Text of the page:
2) Sequester had played a varying effect per locality as reflected by the percentages.
3) Shifting trends in epidemiology and formulas towards the South; therefore the cuts were somewhat cushioned and less drastic.

PART B FUNDING: (Avg. Cut  5.61%) 
The Part B Basic Earmark spreadsheet is the bulk (90-95%) of the Federal Grant to the States for ADAPs.
1) The Part B Grant for Medical Services has not been broken out yet as that will take some time to separate and compile that data as the Part B grants are multi-layered.
2) Again, Sequester had played a big factor in the reduction but the Southern States were saved the brunt of the Sequester because of a new formula change.

Eddie Hamilton, who heads up the ADAP Educational Initiative, summarized it best: "The grassroots do need to be afraid of sequester 2.0 coming up as it looks like Congress won’t be able to change that anytime soon."

In light of the current political climate on Capitol Hill, practically everyone with an interest in protecting HIV/AIDS supports and services is taking nothing to chance. Considering that the Ryan White law -- and especially the AIDS Drug Assistance Program (ADAP) -- has long enjoyed bipartisan support, education efforts to remind lawmakers of its importance are ongoing, including a new web video released by the AIDS Healthcare Foundation.

[Photo: AHF Ryan White Video]

One thing is for certain, prematurely opening up a popular law that doesn't require reauthorization could prove disastrous in the hyper-partisan, hyper-political environment that has consumed the current Congress.  Any suggestion to the contrary simply ignores the political realities that exist today. A more cautious approach might be pursuing a legislative technical fix.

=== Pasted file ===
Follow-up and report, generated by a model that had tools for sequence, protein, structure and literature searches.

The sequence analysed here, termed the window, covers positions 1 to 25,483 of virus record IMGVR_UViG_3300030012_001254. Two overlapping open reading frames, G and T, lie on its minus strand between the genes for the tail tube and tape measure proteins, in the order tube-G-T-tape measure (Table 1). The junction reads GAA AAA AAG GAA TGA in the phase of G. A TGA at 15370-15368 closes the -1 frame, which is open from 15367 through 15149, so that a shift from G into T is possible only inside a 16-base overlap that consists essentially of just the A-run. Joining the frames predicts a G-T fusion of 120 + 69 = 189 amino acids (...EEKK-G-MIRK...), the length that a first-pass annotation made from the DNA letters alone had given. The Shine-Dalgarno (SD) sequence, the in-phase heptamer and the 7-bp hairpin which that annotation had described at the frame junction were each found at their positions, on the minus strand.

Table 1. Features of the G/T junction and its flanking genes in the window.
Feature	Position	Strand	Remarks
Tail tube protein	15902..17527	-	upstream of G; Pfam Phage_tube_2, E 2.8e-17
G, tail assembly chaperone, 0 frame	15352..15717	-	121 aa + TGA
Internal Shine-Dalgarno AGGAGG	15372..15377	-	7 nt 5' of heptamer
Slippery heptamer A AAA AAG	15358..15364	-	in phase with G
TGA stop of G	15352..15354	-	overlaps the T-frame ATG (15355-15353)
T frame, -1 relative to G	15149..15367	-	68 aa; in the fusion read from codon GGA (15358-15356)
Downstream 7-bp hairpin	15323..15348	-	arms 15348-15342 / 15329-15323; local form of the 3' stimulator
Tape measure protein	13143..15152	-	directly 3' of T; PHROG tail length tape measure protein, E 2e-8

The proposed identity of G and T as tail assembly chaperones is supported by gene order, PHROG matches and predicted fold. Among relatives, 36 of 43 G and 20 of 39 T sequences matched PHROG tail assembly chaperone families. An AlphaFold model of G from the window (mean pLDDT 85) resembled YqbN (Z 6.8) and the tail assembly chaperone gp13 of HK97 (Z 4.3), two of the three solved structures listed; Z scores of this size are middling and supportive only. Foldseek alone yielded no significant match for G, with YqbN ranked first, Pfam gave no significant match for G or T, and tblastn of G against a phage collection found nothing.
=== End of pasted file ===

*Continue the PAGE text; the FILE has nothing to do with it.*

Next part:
The reality of the situation is best summarized by Bill Arnold, President & CEO of the Community Access National Network (CANN): "The issue boils down to congressional staff has no appetite to enter the debate over a full reauthorization until they have data after Affordable Care Act implementation, and can assess the impacts nationally, as well as locally."

Arnold suggests that the data won’t be available until well after “opening day” on January 1, 2014, and it will likely take all of that same year to clean and sort through the data. "That argues for a serious attempt to reauthorize in 2015, especially since it will also be past congressional election," Arnold said.

The bottom line is Ryan White stakeholders must remain vigilant in their efforts to maintain the nation's oldest and only law solely dedicated to providing life-sustaining supports and services to people living with HIV/AIDS in the United States. No one could disagree that the need exists. How the "community" achieves that objective is open to interpretation.

Stay tuned.

[1] Department of Public Health, Los Angeles County, California, "SECTION-BY-SECTION DESCRIPTION OF RYAN WHITE HIV/AIDS TREATMENT EXTENSION ACT OF 2009,” December 2009.

1 comment:

ADAP Advocacy Association said...

September 6, 2013

TO: HIV/AIDS Community Partners

FR: Ann Lefert, National Alliance of State and Territorial AIDS Directors and Bill McColl, AIDS United
Co-Chairs of the Ryan White Work Group, Federal AIDS Policy Partnership

RE: Update: Ryan White Program Current Status